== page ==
Slovenian National Assembly

Proposal for a DIRECTIVE OF THE EUROPEAN PARLIAMENT AND OF THE COUNCIL on the protection of persons reporting on breaches of Union law

Scrutiny details

Subsidiarity deadline: 26/07/2018
 
Scrutiny Information

Scrutiny date: 13/07/2018

Subsidiarity Concern:

No Important information to exchange

No Veto

Information on parliamentary scrutiny

​Joint Committee discussed the proposal at its 1st extraordinary meeting of 5 July 2018.

The Committee on EU Affairs of the National Assembly of the Republic of Slovenia discussed the proposal again at it’s 1st meeting of 13 July 2018 and adopted the following Position:

The Republic of Slovenia supports the Proposal for a Directive of the European Parliament on the protection of persons reporting on breaches of Union law. It agrees with the findings that unlawful activities and abuse of law may occur in any organisation, whether private or public, big or small. They can take many forms, such as corruption or fraud, malpractice or negligence. And if they are not addressed, they can sometimes result in serious harm to the public interest. People who work for an organisation or are in contact with it in their work-related activities are often the first to know about such occurrences and are, therefore, in a privileged position to inform those who can address the problem.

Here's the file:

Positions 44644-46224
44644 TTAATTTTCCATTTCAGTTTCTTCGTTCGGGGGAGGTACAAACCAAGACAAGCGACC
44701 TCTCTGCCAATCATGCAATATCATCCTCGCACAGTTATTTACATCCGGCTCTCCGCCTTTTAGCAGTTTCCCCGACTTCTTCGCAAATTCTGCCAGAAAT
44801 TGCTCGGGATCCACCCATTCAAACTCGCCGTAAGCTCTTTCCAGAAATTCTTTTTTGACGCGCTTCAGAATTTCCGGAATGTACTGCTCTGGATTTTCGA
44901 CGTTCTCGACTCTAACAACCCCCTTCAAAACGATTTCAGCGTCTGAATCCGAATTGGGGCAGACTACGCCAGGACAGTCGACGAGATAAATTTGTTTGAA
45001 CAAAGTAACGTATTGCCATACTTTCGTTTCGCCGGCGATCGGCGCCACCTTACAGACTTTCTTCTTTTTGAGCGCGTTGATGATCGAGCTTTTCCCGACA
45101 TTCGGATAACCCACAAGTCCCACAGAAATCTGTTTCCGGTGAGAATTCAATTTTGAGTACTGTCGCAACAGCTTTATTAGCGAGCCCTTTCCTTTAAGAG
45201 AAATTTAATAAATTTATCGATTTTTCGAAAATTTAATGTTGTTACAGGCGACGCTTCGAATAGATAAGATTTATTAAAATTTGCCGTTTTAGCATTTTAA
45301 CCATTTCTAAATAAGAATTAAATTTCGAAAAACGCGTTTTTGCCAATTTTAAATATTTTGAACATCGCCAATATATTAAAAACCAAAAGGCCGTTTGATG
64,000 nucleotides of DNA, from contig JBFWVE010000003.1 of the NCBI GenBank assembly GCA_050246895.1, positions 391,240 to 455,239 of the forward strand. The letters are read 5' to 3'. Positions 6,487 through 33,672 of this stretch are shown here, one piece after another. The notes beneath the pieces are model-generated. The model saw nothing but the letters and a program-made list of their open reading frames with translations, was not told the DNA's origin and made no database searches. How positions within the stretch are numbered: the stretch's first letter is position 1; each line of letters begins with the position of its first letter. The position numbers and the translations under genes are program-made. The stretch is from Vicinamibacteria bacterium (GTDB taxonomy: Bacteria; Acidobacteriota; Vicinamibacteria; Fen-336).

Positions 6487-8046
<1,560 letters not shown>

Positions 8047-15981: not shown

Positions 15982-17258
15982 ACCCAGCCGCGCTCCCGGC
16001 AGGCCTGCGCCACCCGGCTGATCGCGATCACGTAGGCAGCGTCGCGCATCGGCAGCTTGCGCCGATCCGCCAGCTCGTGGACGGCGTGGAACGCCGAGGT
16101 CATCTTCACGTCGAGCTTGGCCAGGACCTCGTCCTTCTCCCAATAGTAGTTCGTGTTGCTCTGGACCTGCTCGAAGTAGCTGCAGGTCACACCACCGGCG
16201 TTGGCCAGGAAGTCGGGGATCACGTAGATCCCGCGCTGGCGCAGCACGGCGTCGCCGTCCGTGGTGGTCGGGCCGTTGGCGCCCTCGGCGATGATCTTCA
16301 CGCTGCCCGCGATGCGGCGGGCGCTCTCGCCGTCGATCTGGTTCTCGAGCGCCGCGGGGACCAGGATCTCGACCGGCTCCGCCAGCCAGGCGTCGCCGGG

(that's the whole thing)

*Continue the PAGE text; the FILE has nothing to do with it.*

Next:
As regards Chapter I which outlines the scope of the Directive and sets out the definitions, we find that the Proposal for a Directive substantially broadens the protection of whistleblowers as currently regulated in the Slovenian legal order. The areas covered by the Directive and in which it protects the reporting persons are the areas in which a large number of state authorities operate in our country. These are mainly inspection bodies and other supervisory institutions: the Commission for the Prevention of Corruption, the Human Rights Ombudsman, the Information Commissioner, the Bank of Slovenia, the Court of Auditors, the National Electoral Commission and others. The scope of the directive will need to be precisely defined not only in terms of content, but also in institutional terms.
The reporting person is defined more narrowly in comparison with the reporting person under the Inspection Act or the Integrity and Prevention of Corruption Act (hereinafter ZIntPK). A whistleblower is read in the Directive as a person who learned of the irregularities in the (broader) context of work. However, the current Slovenian legislation makes no distinction between the reporting persons based on their relationship with the entity which they were blowing the whistle on.
As regards Chapter II which sets out the obligation to ensure internal reporting channels and procedures for receiving and following-up on reports, we consider the basic approach appropriate, however, we note that it will be necessary to specify the entities that will need to determine the channels and procedures for internal reporting, i.e. in particular who are the other entities governed by public law. Moreover, it is not sufficiently clear how will the Member States draw up a risk assessment (point 4 of Article 4 of the Draft Directive) which will take into account the nature of the activities of the entities and, consequently, the level of risk.